By Susanne Schuster
In the course of the last year several initiatives addressing global hunger and food security were launched. It is very touching to see how concerned our leaders are with hunger and poverty. At the Camp David G8 summit in May 2012 president Obama launched the New Alliance for Food Security and Nutrition which aims to achieve global food security based on a partnership between the G8, a number of African governments, transnational corporations and some domestic African companies. The emphasis is on growing domestic and foreign private investments in African agriculture with the support of institutions like the World Bank, the African Development Bank, the UN World Food Programme and the FAO amongst others. The investments are supposed to be regulated by voluntary guidelines.
The UK government organised the first Hunger Summit in the summer of 2012 to coincide with the Olympic Games and a second Hunger Summit is being held in London on 8 June on the occasion of the G8 summit hosted by the UK government in Northern Ireland on 17 and 18 June 2013. The UK Prime Minister Cameron claims he wants to solve malnutrition in children through high-tech enriched foods.
Then in January 2013 a new campaign IF on hunger and food security has launched in the UK, run by a group of more than 200 development and other organisations including well known charities such as Oxfam, Action Aid and Christian Aid. This campaign is running also in the context of the G8 summit. The IF campaign is centred on four big issues: aid, tax, land and transparency.
It doesn’t take much to find that behind all the nice words and PR spin it’s business as usual – capital accumulation forever.
None of these three initiatives challenge the systems of power, control and property rights at the heart of the global food system. Indeed, the New Alliance for Food Security and Nutrition and the Hunger Summit work in tandem with the most powerful agribusiness corporations on the planet like Monsanto, Syngenta, Cargill, Archer Daniels Midland and foundations like the Bill & Melinda Gates Foundation. They are not in business to solve hunger and poverty but to maximise profits for their shareholders, that’s their legal duty. Everything else is propaganda. When there is talk of more private investment and growth in Africa it really means that they want a bigger share of the African cake for the benefit of their shareholders. Ordinary Africans will just get the crumbs.
None of these campaigns have involved any of the grassroots movements such as La Via Campesina, the international peasant organisation representing 200 million farmers in 70 countries, who have already developed a framework to deal with the global food crisis – food sovereignty. Food sovereignty means not only having enough food but having control over food production and distribution in order to produce culturally adequate, nutritious food for one’s own needs as a priority. It is based on self-sufficient methods that do not rely on expensive inputs that would tie farmers into a cycle of dependency and debt to those corporations, which has for example already driven a quarter of a million cotton farmers in India to suicide.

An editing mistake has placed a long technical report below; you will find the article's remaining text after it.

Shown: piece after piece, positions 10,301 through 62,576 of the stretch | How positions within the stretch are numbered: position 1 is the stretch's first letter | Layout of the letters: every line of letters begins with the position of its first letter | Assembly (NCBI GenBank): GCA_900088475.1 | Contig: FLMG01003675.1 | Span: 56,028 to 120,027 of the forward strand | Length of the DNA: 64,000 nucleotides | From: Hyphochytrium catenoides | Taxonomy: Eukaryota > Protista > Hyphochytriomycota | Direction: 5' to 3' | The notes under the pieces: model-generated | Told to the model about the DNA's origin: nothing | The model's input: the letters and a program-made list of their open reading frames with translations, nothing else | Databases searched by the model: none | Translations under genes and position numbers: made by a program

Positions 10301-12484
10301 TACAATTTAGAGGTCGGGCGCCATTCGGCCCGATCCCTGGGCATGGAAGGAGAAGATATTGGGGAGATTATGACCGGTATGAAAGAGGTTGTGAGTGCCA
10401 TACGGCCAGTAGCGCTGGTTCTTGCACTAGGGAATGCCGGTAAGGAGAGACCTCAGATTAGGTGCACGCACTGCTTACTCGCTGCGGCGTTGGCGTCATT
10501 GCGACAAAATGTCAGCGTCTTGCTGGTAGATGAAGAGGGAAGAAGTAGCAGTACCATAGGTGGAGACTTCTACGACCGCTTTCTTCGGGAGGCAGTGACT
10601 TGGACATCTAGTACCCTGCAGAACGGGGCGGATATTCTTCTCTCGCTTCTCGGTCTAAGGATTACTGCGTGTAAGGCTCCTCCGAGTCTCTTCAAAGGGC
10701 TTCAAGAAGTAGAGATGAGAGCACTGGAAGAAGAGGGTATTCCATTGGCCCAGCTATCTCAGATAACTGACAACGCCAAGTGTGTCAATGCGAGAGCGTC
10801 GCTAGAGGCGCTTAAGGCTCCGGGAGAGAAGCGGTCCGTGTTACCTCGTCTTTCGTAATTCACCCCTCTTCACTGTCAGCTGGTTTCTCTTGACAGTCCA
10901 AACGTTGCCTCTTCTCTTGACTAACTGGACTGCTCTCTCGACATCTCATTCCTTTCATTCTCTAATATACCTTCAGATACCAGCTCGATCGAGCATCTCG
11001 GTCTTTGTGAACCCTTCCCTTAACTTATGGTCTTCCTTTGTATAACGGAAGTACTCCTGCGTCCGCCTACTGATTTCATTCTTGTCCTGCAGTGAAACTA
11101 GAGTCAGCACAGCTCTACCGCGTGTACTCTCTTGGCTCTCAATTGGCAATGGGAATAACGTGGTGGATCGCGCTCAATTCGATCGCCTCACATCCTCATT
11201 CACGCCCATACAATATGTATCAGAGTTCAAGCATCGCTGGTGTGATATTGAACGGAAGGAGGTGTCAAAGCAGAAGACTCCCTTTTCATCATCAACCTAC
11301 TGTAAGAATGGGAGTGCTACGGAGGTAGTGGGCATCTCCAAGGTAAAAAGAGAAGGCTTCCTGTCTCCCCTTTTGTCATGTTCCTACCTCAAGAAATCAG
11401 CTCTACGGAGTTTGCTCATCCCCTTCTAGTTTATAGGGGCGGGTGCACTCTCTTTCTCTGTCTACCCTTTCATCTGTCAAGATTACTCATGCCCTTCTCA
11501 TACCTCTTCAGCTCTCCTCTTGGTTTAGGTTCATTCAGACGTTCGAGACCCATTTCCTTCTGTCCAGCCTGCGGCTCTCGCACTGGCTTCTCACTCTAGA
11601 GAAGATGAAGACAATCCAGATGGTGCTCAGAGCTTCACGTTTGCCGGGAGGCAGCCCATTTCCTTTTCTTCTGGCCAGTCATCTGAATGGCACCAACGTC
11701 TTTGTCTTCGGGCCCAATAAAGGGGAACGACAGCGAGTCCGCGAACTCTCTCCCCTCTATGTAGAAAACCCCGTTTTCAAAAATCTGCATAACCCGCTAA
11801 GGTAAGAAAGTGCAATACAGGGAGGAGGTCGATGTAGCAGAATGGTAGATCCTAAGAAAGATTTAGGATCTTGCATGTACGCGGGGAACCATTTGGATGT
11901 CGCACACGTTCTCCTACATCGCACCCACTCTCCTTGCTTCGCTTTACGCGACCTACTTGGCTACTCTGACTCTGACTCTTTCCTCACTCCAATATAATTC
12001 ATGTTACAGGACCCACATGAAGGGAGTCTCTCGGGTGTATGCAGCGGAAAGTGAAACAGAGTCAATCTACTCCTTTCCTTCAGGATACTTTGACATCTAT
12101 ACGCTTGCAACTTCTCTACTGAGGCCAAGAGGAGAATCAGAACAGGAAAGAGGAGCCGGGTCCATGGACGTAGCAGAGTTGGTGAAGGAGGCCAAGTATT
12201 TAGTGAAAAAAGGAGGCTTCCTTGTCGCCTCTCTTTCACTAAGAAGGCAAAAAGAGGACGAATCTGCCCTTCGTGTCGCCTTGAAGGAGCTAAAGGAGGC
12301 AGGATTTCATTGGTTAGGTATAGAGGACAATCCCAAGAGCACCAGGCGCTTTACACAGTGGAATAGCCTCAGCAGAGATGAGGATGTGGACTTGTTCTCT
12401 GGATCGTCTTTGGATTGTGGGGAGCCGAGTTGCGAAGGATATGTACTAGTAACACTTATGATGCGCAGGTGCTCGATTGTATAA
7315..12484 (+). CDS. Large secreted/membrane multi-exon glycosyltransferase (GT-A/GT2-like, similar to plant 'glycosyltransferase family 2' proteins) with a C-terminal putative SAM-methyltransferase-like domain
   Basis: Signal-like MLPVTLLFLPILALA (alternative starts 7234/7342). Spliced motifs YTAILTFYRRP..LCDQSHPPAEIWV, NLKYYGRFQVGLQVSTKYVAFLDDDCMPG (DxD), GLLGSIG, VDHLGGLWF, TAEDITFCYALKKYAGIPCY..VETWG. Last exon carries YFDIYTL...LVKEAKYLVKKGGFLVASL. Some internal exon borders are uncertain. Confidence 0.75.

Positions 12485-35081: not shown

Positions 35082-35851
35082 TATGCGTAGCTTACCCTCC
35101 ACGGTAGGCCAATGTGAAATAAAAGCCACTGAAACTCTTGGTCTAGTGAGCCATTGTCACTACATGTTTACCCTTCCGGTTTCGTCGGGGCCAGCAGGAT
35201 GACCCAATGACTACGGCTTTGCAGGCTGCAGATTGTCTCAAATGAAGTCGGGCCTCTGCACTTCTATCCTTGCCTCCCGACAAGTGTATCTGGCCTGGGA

Mamadou Cissokho said on behalf of farmers who are members of 15 organizations in Africa in a letter to the president of the African Union: “I would simply like to recall that food security and sovereignty are the basis of our general development, as all of the African governments underline. It is a strategic challenge. This is why we must build our food policy on our own resources as is done in the other regions of the world. The G8 and the G20 can in no way be considered the appropriate fora for decisions of this nature.”
World Development Movement Director Deborah Doane criticised that while the demands of the IF campaign are welcomed, it “will not be challenging the power and impact of the financial system on food prices, nor is it grounded in the principles of food sovereignty.” Intense criticism also comes from War on Want Director John Hilary, who stated that the political causes of poverty and hunger have not been addressed. Even more damning, War on Want exposed how David Cameron has been abusing the IF campaign to promote himself as a leading crusader for social justice at a time when the UK government’s actions are causing unprecedented hardship at home and fuelling poverty in Africa. “The IF campaign is promoting a wholly false image of the G8 as committed to resolving the scandal of global hunger, rather than (in reality) being responsible for perpetuating it.”
There are abundant studies and data that prove that small-scale farming using agro-ecological methods is more productive per hectare than industrial agro-operations; it also provides greater biodiversity, healthy soil, clean water and air, essential for our health and happiness. About 80 % of food in Africa is produced by peasant farmers. They are the ones who know the problems and they know the solutions. We must fight against these patronising top-down false solutions in solidarity with farmers around the world.
Sign-on statement: stop UK aid giveaway to multinationals
Africa civil society statement on the G8’s New Alliance for Food Security and Nutrition
For my writings, articles and translations in German visit missubuntu.wordpress.com
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